Top-tier companies also collectively experienced better outcomes when it comes to managing and recovering from crises. They are much quicker at crisis communications, being able to notify their key personnel twice as fast in an emergency compared to the bottom-tier companies. Theyalso resolve their emergencies more quickly, being 55 percent more likely to get things under control within an hour. As a result, the consequences of emergencies were less severe, with top-tier organizations feeling fewer long-term effects that may include financial setbacks or legal ramifications.

To achieve these same benefits as the top tier companies, organizations should make it a priority to develop a crisis communication plan. The process can be simplified by putting in place a notification system that will simplify the process of alerting employees in case of an emergency. It should work with current repositories for employee contact information, which need to be kept up-to-date for effective notifications. It should also function as a single point for all notifications and be able to send out alerts through multiple channels, from computers to mobile devices, including voice and text notifications.

An effective crisis communication system should also provide two-way communication abilities, allowing employees to respond with their status and to send follow-up information that can help increase situation awareness and resolve emergencies. This ability also helps with personnel accountability requirements faced by government entities.

The survey results show how important it is for businesses to put in place a crisis communications plan as a part of their overall emergency preparedness strategy. Getting people the correct information as rapidly as possible can protect the business and its employees.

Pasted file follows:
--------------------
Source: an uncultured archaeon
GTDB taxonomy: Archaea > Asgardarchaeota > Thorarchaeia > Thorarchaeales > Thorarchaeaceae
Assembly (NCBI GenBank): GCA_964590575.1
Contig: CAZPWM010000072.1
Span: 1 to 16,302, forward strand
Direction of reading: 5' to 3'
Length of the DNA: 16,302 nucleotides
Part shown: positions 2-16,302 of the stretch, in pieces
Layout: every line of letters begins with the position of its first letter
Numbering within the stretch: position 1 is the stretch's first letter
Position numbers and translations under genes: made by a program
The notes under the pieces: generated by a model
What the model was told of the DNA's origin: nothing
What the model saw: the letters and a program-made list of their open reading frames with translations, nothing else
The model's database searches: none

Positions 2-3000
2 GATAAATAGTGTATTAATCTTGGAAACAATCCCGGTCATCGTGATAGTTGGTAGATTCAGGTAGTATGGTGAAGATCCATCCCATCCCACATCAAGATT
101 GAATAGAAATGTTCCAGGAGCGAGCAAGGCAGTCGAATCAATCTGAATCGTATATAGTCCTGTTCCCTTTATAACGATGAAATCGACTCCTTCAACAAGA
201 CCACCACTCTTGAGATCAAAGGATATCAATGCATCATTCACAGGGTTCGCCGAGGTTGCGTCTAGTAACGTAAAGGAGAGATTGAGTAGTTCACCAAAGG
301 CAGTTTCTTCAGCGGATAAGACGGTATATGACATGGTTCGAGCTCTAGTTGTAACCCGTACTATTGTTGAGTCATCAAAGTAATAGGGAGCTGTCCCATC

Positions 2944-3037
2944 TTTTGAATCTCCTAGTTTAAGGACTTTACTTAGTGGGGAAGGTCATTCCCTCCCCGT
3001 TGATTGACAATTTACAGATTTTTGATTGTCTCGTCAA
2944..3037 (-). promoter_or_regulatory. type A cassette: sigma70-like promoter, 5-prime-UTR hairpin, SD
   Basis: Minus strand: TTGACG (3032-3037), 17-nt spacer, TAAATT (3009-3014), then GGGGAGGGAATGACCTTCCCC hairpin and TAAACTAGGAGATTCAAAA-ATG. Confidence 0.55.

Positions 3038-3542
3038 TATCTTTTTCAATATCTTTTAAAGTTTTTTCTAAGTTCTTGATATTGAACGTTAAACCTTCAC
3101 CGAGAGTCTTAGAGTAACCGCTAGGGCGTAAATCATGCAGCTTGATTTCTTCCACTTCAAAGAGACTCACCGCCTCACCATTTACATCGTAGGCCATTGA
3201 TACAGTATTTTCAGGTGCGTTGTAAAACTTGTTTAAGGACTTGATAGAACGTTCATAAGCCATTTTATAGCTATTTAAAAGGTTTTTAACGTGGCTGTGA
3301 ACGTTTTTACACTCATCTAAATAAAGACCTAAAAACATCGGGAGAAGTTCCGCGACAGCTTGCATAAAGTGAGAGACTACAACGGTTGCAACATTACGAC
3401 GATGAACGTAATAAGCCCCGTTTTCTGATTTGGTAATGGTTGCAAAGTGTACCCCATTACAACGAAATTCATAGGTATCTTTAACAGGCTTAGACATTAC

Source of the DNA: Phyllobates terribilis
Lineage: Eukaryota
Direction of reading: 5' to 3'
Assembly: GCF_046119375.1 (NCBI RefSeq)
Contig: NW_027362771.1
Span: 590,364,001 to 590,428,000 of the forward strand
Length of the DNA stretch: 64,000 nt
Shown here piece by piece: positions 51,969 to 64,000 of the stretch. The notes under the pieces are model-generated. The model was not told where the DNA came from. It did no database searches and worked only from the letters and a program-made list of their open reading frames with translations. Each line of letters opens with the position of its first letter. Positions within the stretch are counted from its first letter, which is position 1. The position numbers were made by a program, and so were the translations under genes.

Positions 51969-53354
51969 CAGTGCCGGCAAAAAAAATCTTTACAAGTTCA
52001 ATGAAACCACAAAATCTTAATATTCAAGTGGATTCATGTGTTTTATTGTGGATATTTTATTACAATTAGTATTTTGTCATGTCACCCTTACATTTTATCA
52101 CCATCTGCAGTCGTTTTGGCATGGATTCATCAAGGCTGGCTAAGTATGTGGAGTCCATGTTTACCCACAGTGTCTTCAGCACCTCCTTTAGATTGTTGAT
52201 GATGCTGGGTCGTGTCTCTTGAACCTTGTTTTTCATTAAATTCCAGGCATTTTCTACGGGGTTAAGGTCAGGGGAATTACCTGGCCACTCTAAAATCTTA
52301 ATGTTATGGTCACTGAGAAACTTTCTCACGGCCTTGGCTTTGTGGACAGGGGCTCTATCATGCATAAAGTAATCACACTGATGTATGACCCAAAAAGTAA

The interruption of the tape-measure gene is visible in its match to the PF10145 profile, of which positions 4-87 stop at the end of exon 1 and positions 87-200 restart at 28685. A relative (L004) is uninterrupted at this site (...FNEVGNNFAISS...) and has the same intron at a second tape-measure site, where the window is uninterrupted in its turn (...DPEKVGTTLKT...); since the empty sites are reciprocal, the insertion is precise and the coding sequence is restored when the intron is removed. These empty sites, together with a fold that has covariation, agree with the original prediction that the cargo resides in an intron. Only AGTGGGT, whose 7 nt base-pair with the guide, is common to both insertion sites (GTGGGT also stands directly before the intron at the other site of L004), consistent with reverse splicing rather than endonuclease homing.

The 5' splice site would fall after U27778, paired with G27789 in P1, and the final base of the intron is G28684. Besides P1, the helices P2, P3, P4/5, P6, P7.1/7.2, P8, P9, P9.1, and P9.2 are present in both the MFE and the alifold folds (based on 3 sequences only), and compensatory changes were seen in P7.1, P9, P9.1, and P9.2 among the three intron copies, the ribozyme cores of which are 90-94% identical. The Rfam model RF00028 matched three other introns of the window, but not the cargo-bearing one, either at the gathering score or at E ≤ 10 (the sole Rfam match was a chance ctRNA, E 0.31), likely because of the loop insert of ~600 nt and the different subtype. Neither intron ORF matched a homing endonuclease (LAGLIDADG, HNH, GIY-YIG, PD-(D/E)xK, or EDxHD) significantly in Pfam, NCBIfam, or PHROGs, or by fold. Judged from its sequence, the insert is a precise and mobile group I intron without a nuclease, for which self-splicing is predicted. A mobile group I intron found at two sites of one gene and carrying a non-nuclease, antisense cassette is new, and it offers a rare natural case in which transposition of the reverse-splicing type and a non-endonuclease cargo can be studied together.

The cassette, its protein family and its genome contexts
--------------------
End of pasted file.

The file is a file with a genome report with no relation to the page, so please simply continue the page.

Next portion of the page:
It may not be possible to predict crises, but organizations can act now to have the right tools in place to meet emergencies when they arise … and more quickly resume normal business operations.

Rear Admiral Robert Day, US Coast Guard (Ret.), is on the advisory board at AtHoc, Inc., and Principal at Bob Day and Associates LLC where he provides cyber and technology consulting services to public and private sector organizations. He is also executive director for the Commonwealth of Virginia Cyber Commission. He is the recipient of several military awards including the Coast Guard Distinguished Service Medal.

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The Government Technology & Services Coalition's Homeland Security Today (HSToday) is the premier news and information resource for the homeland security community, dedicated to elevating the discussions and insights that can support a safe and secure nation. A non-profit magazine and media platform, HSToday provides readers with the whole story, placing facts and comments in context to inform debate and drive realistic solutions to some of the nation’s most vexing security challenges.